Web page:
Youth coordinator Kathy Gallon let out a squeal of excitement when she heard her team had been chosen as the winner of the Co-Lab innovation challenge at Bishop's University in Lennoxville over the weekend.
The $2,500 cash prize will go to the organization where she works: the Committee for Anglophone Social Action (CASA), a group that serves the English-speaking community in the Gaspé.
CBC Quebec partnered with Canadian Heritage, with the support of Bishop's University and the Quebec Community Groups Network, to tackle the question, "Do I have a future in Quebec?"
About 40 people, divided into six groups made up of community organizations and youth, spent two days in workshops and innovation challenges to solve some of the problems the organizations face.
Community groups were paired with young people from the community and local universities to develop and pitch the projects to the judges.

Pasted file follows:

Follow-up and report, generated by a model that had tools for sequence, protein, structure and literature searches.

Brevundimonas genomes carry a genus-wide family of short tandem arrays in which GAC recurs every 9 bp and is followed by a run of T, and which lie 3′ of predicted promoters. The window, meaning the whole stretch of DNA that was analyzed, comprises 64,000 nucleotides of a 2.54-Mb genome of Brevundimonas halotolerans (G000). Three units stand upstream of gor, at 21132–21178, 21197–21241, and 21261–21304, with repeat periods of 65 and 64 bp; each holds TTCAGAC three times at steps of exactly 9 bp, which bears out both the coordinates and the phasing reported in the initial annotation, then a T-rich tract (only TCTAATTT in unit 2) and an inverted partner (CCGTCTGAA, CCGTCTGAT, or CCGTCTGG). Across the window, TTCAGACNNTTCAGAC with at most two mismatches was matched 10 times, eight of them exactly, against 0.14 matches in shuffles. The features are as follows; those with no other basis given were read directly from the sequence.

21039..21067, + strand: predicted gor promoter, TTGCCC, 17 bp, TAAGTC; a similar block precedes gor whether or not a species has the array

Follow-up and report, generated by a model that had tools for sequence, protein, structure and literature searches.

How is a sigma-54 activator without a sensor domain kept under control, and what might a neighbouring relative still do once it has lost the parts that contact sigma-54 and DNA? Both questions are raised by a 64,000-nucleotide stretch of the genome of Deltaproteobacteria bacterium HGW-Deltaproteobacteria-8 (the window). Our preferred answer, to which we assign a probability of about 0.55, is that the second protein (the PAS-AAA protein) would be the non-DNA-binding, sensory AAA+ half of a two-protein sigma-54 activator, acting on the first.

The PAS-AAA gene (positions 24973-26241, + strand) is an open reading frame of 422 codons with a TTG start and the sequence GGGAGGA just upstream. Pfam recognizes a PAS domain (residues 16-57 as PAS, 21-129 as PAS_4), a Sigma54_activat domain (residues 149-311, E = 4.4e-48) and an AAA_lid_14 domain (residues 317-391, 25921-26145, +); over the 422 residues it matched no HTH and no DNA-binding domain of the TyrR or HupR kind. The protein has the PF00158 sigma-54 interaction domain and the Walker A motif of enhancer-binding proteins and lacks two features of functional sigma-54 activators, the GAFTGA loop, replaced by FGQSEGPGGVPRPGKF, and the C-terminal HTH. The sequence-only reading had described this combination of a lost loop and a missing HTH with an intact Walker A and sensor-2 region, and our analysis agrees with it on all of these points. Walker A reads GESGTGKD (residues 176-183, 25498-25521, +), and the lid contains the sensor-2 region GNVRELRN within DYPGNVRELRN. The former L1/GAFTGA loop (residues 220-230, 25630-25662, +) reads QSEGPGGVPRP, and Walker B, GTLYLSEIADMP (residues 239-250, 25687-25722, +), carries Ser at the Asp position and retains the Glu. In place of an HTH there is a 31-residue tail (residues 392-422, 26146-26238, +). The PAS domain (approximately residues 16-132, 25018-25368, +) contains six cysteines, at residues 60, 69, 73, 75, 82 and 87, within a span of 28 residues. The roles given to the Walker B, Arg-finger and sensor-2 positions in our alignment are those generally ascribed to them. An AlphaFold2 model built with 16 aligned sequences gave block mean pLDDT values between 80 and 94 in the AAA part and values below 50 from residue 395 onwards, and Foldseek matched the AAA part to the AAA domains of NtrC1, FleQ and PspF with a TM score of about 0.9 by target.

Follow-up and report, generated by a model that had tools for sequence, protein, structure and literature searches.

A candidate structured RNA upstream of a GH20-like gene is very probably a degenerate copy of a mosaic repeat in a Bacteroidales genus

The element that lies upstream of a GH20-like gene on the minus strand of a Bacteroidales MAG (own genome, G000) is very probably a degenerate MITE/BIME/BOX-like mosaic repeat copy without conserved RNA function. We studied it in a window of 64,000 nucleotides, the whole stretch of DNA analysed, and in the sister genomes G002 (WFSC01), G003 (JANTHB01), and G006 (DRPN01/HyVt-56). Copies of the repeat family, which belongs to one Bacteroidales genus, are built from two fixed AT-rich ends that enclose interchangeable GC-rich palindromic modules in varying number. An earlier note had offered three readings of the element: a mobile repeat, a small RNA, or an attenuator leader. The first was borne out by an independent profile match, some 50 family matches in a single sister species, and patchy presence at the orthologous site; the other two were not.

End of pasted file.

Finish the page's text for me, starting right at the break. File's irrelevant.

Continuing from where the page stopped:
CASA's team — made up of Gallon, her colleague Shannon Marsh, and students Veena Nagamuthu and Kamal Benmiloud — pitched their idea before a panel of judges.
The funds will specifically go toward developing programming for people aged 25 to 40, with both lifestyle and employment services.
"Competition was fierce today. We were hopeful and knew we did a good pitch, but we knew others had good pitches also," Gallon said. "Hearing our name and knowing we won, we knew we'd been heard, so that was very gratifying."
Marsh, who is also a youth coordinator at CASA Gaspé, said there is no existing programming for people older than 30 as the organization currently only targets people in their late teens and early 20s.
But with the goal of employability, CASA Gaspé's new program, Destination-U, will help people aged 25 to 40 facing isolation, and help them engage in the community and find a sense of belonging.
Team member Benmiloud, who studies at Université de Sherbrooke, said he had no idea about the issues facing young people in the Gaspé, and adding that it was "a really special moment" when he heard his group had won.